Nimosōm wihthōwinis nimīthik – My Grandfather gives me a Nickname

From as far as I can remember, nimosōm called me “cīpic,” which is a reference, to a man named David, a man who lived across the lake from my grandfather’s cabin. All the way from seeing him in La Ronge when I was a boy living on 101 reserve, to his cabin in Pesiw Lake and to his new house (at the time) in Hall Lake, he called me “cīpic”.

I remember my parents discussing this when I was a boy and they suggested that it was because nimosōm did not want to say his own name, Charlie. “īkwīmīsiyān nimosōm” – I have the same name as my grandfather.

That was the understanding I got, and I stayed by that explanation since. Whenever he was proud of me for something, he would say, “wahwā cīpic,” or “wahwāy cīpic.” It was a term of endearment that I appreciated and wondered about, as a boy.

During the summer of one of our duck hunting trips, we went up to a mīnistik (an island) with the intention of landing on it and crossing to the other side. We were sneaking up on what had to be at least 200 sīsīpak (ducks) spread out over a sparse wild rice patch.

Before this, he been giving me one .22 “mōsonīy” bullet at a time when we were shooting ducks, and only after he shoot at a group of ducks with a shotgun and some getting injured. We would shoot at them before they would dive in.

When we were done crossing the island, we got to the ground and snuck up to a huge flock. My grandfather slowly brought out his shotgun and BOOM! Many ducks went flying up in all directions as he continued to shoot with his pump-action.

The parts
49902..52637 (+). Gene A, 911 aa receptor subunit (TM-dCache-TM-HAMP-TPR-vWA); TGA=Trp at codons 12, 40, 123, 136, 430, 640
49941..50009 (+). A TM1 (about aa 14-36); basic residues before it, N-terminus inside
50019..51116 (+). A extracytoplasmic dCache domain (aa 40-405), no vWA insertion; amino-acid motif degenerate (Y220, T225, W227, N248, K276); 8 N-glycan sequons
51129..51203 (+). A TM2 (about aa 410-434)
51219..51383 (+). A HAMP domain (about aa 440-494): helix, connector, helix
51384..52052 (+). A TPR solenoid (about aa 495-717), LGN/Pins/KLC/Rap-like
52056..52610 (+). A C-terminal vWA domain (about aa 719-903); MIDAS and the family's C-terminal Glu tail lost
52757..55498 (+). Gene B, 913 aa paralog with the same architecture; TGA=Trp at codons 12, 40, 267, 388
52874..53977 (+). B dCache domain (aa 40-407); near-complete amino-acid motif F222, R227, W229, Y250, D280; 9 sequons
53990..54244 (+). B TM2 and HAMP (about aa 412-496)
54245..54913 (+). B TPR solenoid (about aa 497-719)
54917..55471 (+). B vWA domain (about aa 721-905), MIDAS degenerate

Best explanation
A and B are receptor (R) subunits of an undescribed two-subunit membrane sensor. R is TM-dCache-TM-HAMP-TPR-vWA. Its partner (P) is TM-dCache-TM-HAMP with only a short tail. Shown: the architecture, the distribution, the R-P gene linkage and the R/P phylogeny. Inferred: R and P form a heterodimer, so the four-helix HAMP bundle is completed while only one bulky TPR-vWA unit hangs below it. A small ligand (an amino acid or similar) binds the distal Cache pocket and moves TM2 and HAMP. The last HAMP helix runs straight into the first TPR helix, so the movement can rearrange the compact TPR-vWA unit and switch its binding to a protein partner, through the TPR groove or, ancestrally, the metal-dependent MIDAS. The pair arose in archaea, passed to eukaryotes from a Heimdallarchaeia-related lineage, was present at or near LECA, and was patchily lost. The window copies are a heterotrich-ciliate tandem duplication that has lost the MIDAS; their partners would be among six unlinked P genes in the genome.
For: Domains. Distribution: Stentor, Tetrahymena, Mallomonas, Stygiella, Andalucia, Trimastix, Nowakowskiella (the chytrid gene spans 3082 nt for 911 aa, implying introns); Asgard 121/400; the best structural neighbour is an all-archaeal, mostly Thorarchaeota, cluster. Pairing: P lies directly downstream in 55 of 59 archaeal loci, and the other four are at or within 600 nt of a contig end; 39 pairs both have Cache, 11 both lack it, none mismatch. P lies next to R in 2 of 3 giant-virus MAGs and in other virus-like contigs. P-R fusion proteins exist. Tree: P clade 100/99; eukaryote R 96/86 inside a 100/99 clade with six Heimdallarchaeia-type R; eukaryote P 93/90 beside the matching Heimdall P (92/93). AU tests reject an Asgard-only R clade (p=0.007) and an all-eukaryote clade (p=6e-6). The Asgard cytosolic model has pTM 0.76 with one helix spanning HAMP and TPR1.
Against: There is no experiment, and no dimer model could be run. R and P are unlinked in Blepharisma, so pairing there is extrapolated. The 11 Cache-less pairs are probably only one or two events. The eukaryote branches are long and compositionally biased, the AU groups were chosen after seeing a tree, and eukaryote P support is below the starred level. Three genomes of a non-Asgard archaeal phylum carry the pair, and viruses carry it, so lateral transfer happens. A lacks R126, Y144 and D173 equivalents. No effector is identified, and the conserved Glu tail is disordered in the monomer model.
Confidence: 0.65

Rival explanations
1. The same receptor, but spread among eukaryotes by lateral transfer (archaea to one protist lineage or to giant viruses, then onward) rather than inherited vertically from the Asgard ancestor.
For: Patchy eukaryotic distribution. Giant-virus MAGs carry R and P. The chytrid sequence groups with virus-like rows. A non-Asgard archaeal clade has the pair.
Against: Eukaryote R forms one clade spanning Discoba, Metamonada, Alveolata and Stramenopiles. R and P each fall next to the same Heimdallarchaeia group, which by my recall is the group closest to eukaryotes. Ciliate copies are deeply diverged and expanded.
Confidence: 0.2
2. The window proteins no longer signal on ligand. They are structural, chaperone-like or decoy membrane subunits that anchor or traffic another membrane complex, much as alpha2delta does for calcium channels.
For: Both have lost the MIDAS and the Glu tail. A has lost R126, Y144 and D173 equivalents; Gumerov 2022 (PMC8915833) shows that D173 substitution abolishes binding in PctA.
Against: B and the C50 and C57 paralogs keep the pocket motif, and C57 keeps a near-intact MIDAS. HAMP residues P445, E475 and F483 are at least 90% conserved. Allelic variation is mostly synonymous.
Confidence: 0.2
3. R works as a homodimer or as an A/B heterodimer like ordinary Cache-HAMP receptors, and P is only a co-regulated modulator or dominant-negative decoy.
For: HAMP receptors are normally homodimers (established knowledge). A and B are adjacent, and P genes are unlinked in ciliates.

After the blitz of birds, my grandfather started to pick off the injured ducks that were trying to dive in. At this time, he handed me two .22 bullets, he looked at me and said: “wahwā, cīpic ikwa iwī nipahīw sīsīpa” – Wow, Charlie is going to kill a duck now.

I was so happy to get the bullets, I tried so hard to concentrate and make a kill, but I ended up missing. I was sad but the exhilaration of getting not one, but two bullets was great.

cīpic

nimosōm – my grandfather

pīsiw sākahikanihk – Pesiw Lake

wahwā cīpic – Wow Charlie

wahwāy cīpic – Wow Charlie

mōsonīy – bullet

sīsīp – duck

sīsīpak – ducks

wahwā, cīpic ikwa iwī nipahīw sīsīpa” – Wow, Charlie is going to kill a duck now.

īkwīmīsiyān nimosōm – I have the same name as my grandfather

Related pages:

NIMOSŌM – NĪSTĀW AND I, FELL THROUGH THE ICE

BIRDS IN WOODLAND CREE

niwītawīmāwak niwahkōmākinak – I play games with my family

When I was a boy back in the trapine, my siblings and cousins and I, would entertain ourselves without the modern devices we have today. We had many outdoor games like “tag” and others that involved running around and catching or tagging others in teams or individually. We would have slingshot targeting contests with old cans and bottles. We would make our own bows and arrows and shoot at targets or objects.